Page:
Photo collage of loved ones lost to substance use and overdose. (Photo courtesy Moms Stop The Harm)
B.C. overdose deaths still rising 5 years after public health emergency declared

Moms Stop the Harm calls on B.C. to provide safe supply in response to deadly illicit drug use

Restaurant patrons enjoy the weather on a patio in Vancouver, B.C., Monday, April 5, 2021. The province has suspended indoor dining at restaurants and pubs until at least April 19 in B.C. due to a spike in COVID-19 numbers. THE CANADIAN PRESS/Jonathan Hayward
B.C. sets new COVID-19 daily record with 1,293 cases Thursday

New order allows workplace closures when infections found

FILE – NDP Leader John Horgan, right, and local candidate Mike Farnworth greet one another with an elbow bump during a campaign stop in Coquitlam, B.C., on Friday, September 25, 2020. THE CANADIAN PRESS/Darryl Dyck
B.C. won’t be using random individual road stops to enforce travel rules: Safety Minister

Minister Mike Farnworth says travel checks only being considered at major highway junctions, ferry ports

A man pauses at a coffin after carrying it during a memorial march to remember victims of overdose deaths in Vancouver. THE CANADIAN PRESS/Darryl Dyck
B.C. announces historic half-billion-dollar funding for overdose crisis, mental health

Of it, $152 million will be used to address the opioid crisis and see the creation of 195 new substance use treatment beds

Children’s backpacks and shoes are seen at a CEFA (Core Education and Fine Arts) Early Learning daycare franchise, in Langley, B.C., on Tuesday May 29, 2018. THE CANADIAN PRESS/Darryl Dyck
B.C. budget to expand $10-a-day child care, but misses the mark on ‘truly universal’ system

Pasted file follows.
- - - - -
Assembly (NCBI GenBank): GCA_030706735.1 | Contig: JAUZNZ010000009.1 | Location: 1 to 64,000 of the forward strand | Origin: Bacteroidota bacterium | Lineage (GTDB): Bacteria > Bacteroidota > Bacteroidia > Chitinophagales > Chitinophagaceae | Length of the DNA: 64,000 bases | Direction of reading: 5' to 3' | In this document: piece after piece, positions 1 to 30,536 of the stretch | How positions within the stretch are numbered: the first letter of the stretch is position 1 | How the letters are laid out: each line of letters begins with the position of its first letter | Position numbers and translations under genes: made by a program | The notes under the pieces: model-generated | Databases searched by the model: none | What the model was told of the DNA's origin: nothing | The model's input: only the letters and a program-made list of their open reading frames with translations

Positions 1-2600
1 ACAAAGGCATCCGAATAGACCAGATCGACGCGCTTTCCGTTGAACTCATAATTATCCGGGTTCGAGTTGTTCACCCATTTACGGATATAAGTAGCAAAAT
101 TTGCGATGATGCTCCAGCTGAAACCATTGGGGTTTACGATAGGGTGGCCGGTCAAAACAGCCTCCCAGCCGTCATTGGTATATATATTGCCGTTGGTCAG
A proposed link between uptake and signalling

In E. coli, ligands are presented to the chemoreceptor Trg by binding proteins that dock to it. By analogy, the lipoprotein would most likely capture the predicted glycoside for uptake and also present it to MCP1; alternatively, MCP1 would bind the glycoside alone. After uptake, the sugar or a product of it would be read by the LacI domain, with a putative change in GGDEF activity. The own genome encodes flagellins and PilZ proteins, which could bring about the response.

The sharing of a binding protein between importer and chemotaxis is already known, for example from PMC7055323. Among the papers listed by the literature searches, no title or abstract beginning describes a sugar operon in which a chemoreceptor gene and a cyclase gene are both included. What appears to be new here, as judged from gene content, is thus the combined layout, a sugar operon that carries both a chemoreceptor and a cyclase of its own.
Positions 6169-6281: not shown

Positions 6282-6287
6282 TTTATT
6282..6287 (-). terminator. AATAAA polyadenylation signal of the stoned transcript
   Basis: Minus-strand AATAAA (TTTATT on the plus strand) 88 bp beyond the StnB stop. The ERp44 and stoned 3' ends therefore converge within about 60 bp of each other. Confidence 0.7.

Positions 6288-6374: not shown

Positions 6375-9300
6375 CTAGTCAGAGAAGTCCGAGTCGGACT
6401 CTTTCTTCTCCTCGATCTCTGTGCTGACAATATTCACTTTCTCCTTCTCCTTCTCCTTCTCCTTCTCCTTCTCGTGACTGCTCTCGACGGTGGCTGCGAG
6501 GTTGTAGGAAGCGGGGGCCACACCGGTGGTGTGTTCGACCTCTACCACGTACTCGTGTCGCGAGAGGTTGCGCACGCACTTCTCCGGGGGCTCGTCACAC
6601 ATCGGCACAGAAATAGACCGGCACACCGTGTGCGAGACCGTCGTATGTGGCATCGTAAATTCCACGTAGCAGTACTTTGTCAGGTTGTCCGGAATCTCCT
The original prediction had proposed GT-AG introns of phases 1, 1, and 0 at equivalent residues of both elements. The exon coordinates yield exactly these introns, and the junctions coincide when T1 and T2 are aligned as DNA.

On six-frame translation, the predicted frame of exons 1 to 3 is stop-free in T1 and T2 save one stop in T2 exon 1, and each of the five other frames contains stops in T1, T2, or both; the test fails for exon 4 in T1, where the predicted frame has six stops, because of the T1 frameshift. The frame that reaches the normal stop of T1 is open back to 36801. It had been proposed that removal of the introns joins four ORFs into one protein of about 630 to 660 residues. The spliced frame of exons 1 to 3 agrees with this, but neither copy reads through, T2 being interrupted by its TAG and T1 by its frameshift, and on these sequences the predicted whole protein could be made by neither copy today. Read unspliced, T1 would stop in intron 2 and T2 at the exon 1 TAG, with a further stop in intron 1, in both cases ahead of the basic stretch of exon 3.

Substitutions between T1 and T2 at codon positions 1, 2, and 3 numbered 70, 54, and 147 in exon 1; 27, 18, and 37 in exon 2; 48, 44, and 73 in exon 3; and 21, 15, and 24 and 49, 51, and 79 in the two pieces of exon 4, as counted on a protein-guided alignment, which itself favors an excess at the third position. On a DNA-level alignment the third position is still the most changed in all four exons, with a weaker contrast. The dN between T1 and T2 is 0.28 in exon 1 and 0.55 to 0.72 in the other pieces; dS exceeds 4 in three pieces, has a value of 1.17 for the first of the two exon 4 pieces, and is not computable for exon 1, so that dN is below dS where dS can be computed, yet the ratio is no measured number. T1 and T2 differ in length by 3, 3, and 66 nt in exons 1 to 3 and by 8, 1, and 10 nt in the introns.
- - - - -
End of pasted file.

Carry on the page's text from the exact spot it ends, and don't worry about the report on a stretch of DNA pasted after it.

$111 million will be used to fund 3,750 new $10-a-day spaces though 75 additional ChildCareBC universal prototype sites over the next three years.

Mak Parhar speaks at an anti-mask rally outside the Vancouver Art Gallery on Sunday, Nov. 1, 2020. Parhar was arrested on Nov. 2 and charged with allegedly violating the Quarantine Act after returning from a Flat Earth conference held in Geenville, South Carolina on Oct. 24. (Flat Earth Focker/YouTube.com screenshot)
Judge tosses lawsuit of B.C. COVID-denier who broke quarantine after Flat Earth conference

Mak Parhar accused gov, police of trespass, malfeasance, extortion, terrorism, kidnapping and fraud

Ambulance paramedic in full protective gear works outside Lion’s Gate Hospital, March 23, 2020. Hospitals are seeing record numbers of COVID-19 patients more than a year into the pandemic. (The Canadian Press)
B.C.’s COVID-19 infection rate declines, 849 cases Tuesday

Up to 456 people now in hospital, 148 in intensive care

Join Black Press Media and Do Some Good
Join Black Press Media and Do Some Good

Pay it Forward program supports local businesses in their community giving

Christy Clark, who was premier from 2011 to 2017, is the first of several present and past politicians to appear this month before the Cullen Commission, which is investigating the causes and impact of B.C.’s money-laundering problem over the past decade. (Darryl Dyck/Canadian Press)
Christy Clark says she first learned of money-laundering spike in 2015

The former B.C. premier testified Tuesday she was concerned the problem was ‘apparently at an all-time high’

Most Read